The Devil's Whore
Reason and Philosophy in the Lutheran Tradition
Publication Year: 2011
Martin Luther's disdain for philosophy is well known, and the Lutheran theological tradition has been wary of its constructs. Yet the tradition also includes philosophical giants-from Melanchthon to Schleiermacher to Kierkegaard and even Nietzsche. This volume assumes that such skepticism about reason actually opened up new ways of doing and seeing philosophy.
Philosophers, theologians, and historians assess the paradox and achievements of philosophy in the Lutheran vein. In their important exploration in the history of ideas, they not only probe the roots and branches of Luther's own ambivalence toward philosophy, they also draw illuminating connections between his revolutionary theology and the development of European continental philosophy.
Published by: Augsburg Fortress Publishers
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Sixty years ago Jaroslav Pelikan ended his first book, a monograph on the influ-ence of Luther on philosophy, with the hope that ―twentieth century Lutheran-ism may produce Christian thinkers of the ability and consecration necessary for that task [of working out a Christian philosophy].‖1 It is now the twenty-first My first call to the topic came not from Pelikan, whom I read later, but from ...
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As we move toward the five hundredth anniversary of the beginning of Martin Lu-ther‘s assault upon and ultimate destruction of the monolithic institution of the Roman Catholic Church with the posting of his Ninety-Five Theses for Debate on October 31, 1517, this collection of essays has been assembled to analyze some obvious and perhaps not-so-obvious connections between Luther‘s revolutionary ...
PART IPHILOSOPHY AND LUTHER
CHAPTER 1Philosophical Modes of Thoughtof Luther’s Theologyas an Object of Inquiry
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The fact that I am not a philosopher but ―only‖ a theologian and yet am addressing a philosophical topic is no accident. Rather, it makes palpably clear what I consider is the greatest deficiency in this area of research in the twentieth century.1 ―Philosophy has paid no attention at all to the strong upsurge in Luther re-search over the last few decades—a striking sign of the strange way in which philos-...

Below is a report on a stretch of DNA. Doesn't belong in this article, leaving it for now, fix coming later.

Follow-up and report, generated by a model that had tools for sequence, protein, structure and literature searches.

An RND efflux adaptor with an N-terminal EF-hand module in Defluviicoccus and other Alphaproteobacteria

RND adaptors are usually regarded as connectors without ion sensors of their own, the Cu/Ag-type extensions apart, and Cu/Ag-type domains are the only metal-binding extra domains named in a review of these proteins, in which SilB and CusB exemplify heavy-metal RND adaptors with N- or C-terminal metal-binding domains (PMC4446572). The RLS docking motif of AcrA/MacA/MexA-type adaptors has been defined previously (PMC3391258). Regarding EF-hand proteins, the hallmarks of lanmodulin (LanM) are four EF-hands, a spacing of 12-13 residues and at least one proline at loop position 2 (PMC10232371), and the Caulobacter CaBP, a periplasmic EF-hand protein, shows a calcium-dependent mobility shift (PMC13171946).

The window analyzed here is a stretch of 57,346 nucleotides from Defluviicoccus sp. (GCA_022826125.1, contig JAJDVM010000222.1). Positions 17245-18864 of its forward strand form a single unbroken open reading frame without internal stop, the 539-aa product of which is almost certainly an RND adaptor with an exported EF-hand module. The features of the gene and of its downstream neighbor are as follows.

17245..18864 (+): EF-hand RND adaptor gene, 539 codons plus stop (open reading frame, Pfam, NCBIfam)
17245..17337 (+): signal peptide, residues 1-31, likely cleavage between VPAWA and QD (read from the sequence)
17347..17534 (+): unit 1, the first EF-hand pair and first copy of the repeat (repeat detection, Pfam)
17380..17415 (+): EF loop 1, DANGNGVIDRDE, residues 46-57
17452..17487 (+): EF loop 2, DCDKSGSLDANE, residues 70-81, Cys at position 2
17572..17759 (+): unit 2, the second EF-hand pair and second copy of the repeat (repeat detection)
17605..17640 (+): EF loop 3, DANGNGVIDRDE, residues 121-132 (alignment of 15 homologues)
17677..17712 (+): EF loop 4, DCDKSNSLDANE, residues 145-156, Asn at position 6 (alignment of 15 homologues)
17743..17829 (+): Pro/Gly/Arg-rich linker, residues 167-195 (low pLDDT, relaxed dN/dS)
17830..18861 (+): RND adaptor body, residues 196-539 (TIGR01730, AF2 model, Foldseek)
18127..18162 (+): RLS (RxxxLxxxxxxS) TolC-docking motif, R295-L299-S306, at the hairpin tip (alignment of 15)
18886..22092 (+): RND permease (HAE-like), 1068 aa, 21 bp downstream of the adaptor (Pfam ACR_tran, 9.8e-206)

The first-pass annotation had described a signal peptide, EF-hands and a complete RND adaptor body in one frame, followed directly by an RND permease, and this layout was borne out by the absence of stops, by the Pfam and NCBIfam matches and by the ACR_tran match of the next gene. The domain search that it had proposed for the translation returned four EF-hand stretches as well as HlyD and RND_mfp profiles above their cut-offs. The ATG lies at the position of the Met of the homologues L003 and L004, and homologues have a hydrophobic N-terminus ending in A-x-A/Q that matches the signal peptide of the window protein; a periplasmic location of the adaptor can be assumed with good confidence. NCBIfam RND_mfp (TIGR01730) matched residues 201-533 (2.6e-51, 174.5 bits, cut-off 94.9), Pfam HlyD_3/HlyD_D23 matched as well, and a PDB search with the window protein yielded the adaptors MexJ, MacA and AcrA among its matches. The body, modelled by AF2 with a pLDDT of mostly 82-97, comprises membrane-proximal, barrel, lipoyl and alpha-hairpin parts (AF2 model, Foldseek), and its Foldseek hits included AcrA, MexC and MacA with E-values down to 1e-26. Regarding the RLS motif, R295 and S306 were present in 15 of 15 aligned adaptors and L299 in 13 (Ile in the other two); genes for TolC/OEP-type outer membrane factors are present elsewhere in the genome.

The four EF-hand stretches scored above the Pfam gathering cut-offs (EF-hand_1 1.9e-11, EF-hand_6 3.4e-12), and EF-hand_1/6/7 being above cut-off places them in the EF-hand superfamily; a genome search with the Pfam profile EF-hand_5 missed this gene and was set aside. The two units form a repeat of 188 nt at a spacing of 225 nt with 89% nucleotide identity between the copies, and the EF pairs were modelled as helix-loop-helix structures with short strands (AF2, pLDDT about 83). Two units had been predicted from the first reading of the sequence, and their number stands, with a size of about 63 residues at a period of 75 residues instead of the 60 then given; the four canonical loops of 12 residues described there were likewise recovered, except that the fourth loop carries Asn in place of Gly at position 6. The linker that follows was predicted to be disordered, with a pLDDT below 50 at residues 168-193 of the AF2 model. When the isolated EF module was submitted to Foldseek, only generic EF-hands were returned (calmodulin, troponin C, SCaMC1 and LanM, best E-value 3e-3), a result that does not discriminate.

CHAPTER 2Does Luther Have a ―Waxen Nose‖?
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Luther‘s influence on the history of Western intellectual thought is, as the essays in this volume demonstrate, monumental. What would the Enlightenment be without Luther‘s radical notion of freedom (in Christ)? How might modern theories of sub-jectivity look without Luther‘s characterization of the self as existing simultaneously before God and others? How might contemporary secularization have developed ...
CHAPTER 3―Putting on the Neighbor‖
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Everyone should ―put on‖ his neighbor and so conduct himself toward him What has long been noticed but little analyzed is Luther‘s relationship with his ―beloved Cicero,‖ as one interpreter has again recently remarked.3 I will explore a key feature of Cicero‘s relationship with his philosophical predecessors in order to highlight one reason for Luther‘s love affair with this ―wisest man.‖ The ...
CHAPTER 4Luther and Augustine—Revisited
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It was more than a century ago that the Dominican religious Heinrich Denifle irritated Protestant researchers in the aftermath of the celebrations of the four hundredth anniversary of Luther‘s birth in 1883.1 He asked them provocatively for the precise date and the content of Luther‘s Reformation breakthrough. With his immense knowledge of late medieval sources, Denifle sought to prove the ...
HAPTER 5Whore or Handmaid?
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Is reason ―the Devil‘s whore,‖ as Luther said,1 or is it theology‘s ―handmaid,‖ as Aquinas (almost) said?2 The place of reason in the theologies of Martin Luther and Thomas Aquinas is an issue of enormous complexity and the subject of many excellent and penetrating studies. Yet old caricatures surrounding this subject stubbornly persist, outliving by many years the carefully nuanced scholarship that ...
CHAPTER 6Luther’s ―Atheism‖
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Twentieth-century scholarship rediscovered the provocative idea of Luther‘s atheism and treated it under the theme of the ―hiddenness of God‖1 in the agony of existential decision.2 In echo of Luther, Paul Tillich famously spoke of doubt as part of faith, understood as ultimate concern.3 No one could rightfully deny this ―existential‖ element in Luther nor should we want to deny it.4 Far more ...
CHAPTER 7Luther’s Philosophy of Language